History of the U.S.: The Wizard of OSS
At FDR’s request, Major General William Joseph Donovan formed the Office of Strategic Services (OSS) at the height of World War II. Prior to WWII, American intelligence work was conducted by a number of different organizations that didn’t coordinate their activities, including divisions of the State Department, Treasury, and the Navy and War departments.
Beginning in July 1941, Donovan recruited spies, analysts, and code breakers for a new dedicated intelligence gathering and covert operations outfit. Formally established by FDR on June 13, 1942, the OSS carried out a number of important missions during WWII, including recruiting a key German spy, the anti- Nazi diplomat Fritz Kolbe, who gave the OSS crucial information about German expectations for D-Day, the V-2 rocket program, new high- tech German jet fighters, and Nazi spies abroad. The OSS worked with French resistance fighters ahead of the Allied liberation of France and also carried out a massive campaign of propaganda, psychological warfare, and misinformation to mislead the Germans about American intentions. Outside Europe the OSS hunted Nazi spies in Africa and Latin America.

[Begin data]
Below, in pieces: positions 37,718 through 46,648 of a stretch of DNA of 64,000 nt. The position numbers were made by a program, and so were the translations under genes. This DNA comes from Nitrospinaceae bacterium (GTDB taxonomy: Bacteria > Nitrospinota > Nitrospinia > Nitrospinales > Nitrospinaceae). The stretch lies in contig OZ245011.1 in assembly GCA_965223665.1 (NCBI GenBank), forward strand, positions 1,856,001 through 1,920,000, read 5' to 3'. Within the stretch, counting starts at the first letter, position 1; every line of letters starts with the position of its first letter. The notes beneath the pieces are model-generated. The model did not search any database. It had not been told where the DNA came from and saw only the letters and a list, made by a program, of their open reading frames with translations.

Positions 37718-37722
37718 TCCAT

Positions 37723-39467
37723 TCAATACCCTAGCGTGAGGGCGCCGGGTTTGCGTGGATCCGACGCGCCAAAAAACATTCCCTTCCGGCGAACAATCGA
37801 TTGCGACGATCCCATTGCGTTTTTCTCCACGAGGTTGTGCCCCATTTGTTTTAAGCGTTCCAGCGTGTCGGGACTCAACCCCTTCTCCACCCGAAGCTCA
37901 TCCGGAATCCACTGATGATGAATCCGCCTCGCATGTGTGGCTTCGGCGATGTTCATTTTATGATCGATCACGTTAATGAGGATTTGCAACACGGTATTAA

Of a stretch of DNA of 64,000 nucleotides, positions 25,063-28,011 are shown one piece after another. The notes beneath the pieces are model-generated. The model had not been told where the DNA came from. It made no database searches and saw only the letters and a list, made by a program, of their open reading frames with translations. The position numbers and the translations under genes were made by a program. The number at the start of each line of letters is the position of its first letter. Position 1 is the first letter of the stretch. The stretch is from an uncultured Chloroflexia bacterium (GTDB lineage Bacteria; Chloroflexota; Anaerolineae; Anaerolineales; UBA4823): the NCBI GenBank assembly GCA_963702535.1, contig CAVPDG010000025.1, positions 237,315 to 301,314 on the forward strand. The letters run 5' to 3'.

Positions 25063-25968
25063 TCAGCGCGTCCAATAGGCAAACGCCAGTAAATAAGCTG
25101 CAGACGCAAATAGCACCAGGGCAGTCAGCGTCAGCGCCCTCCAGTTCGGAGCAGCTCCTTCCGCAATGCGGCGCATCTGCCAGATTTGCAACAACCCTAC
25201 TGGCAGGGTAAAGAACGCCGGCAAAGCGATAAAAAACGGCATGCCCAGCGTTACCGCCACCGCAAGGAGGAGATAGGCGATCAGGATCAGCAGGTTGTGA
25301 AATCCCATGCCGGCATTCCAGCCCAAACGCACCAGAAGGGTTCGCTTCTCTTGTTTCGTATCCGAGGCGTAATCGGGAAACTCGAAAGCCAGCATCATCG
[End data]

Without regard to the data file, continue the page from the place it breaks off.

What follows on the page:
Meanwhile, in the Pacific theater, OSS agents trained Chinese Kuomintang and communist troops resisting the Japanese, and in Vietnam the OSS made contact with Ho Chi Minh, whose Viet Minh nationalists were also fighting the Japanese.
Overall, the OSS employed 24,000 people around the world by the end of the war, including improbable characters like Red Sox catcher Moe Berg and celebrity chef Julia Child. The OSS was disbanded in 1945 but reconstituted as a new group, the Central Intelligence Agency, by President Truman in 1947.
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